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post #1 of 19 (permalink) Old 07-11-2019, 12:46 AM Thread Starter
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Redline MTX Fluid

Has anybody put Redline MTX in their Gen 3? I found an old Thread but wonder if more of you have since that thread was created.
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post #2 of 19 (permalink) Old 07-11-2019, 01:05 AM
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Yep -- now nearing 200k, have run it since I drained the factory fill at 50k miles.

Love it.
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post #3 of 19 (permalink) Old 07-11-2019, 10:11 AM
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If memory serves - it is 75W-80... but most importantly it is GL-4. You cannot use GL-5. Some of us don't like MT1 buffered GL-5 for that matter. I think I have this right...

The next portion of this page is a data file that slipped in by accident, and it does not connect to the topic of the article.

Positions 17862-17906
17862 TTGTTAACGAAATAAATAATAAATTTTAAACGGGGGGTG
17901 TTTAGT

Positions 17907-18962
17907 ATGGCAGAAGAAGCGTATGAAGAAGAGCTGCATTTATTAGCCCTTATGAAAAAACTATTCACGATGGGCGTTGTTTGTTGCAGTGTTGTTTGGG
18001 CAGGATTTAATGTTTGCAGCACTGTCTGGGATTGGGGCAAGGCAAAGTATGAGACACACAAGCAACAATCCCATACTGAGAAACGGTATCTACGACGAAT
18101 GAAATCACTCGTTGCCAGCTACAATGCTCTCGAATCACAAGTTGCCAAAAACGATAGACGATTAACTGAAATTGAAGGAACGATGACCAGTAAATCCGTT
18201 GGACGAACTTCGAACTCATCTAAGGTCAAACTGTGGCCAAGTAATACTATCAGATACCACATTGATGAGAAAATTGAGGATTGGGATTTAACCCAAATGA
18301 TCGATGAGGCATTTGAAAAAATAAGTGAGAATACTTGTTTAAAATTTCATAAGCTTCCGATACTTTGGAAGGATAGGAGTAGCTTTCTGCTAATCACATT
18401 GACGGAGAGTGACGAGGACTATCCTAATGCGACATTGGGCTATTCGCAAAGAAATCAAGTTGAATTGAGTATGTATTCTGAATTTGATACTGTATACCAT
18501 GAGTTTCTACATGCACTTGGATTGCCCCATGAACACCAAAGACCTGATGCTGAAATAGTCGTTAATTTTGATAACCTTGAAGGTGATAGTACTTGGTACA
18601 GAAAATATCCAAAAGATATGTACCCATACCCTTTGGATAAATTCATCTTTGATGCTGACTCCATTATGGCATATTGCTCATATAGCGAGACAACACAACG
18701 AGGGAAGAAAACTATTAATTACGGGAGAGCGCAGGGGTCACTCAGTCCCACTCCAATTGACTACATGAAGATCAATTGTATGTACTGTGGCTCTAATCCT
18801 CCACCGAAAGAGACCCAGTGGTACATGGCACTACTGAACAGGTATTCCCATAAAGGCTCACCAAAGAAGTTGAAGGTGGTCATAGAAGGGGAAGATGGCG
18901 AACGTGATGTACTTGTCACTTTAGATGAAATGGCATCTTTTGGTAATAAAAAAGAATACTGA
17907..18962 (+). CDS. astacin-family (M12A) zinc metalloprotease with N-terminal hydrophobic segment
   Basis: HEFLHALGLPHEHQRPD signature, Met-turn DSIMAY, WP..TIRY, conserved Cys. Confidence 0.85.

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post #4 of 19 (permalink) Old 07-11-2019, 01:10 PM
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Correct -- NEVER run any MTX that is labeled for GL-4 with ANY oil that has a GL-5 rating anywhere, through any means, ever.

It will destroy the synchros; the problem is that GL-5 lubricants have a film strength that exceeds that of the material the synchros are made out of and thus the synchros shear instead of the oil!

Redline MTL is available in 75w80, which is the correct viscosity for these gearboxes and in my experience it produces materially less notchiness, especially when the gearbox is cold, than the factory fill. I've had it in my car since about ~40,000 miles, am now approaching 190k, and have continued to use it -- I've seen no reason to change away from it.
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post #5 of 19 (permalink) Old 07-11-2019, 03:10 PM Thread Starter
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I'm contemplating on using 75W90 and 5W30 for the engine oil. I like to shift at 3-4k RPM. From what I understand, 75W80 is a fuel efficient alternative to 75W90, and 0w20 is recommended because of CAFE standards (fuel economy) in the U.S. The rest of the world uses 5W30. The manual even indicates it. I live in Florida and do not deal with cold weather. Thoughts?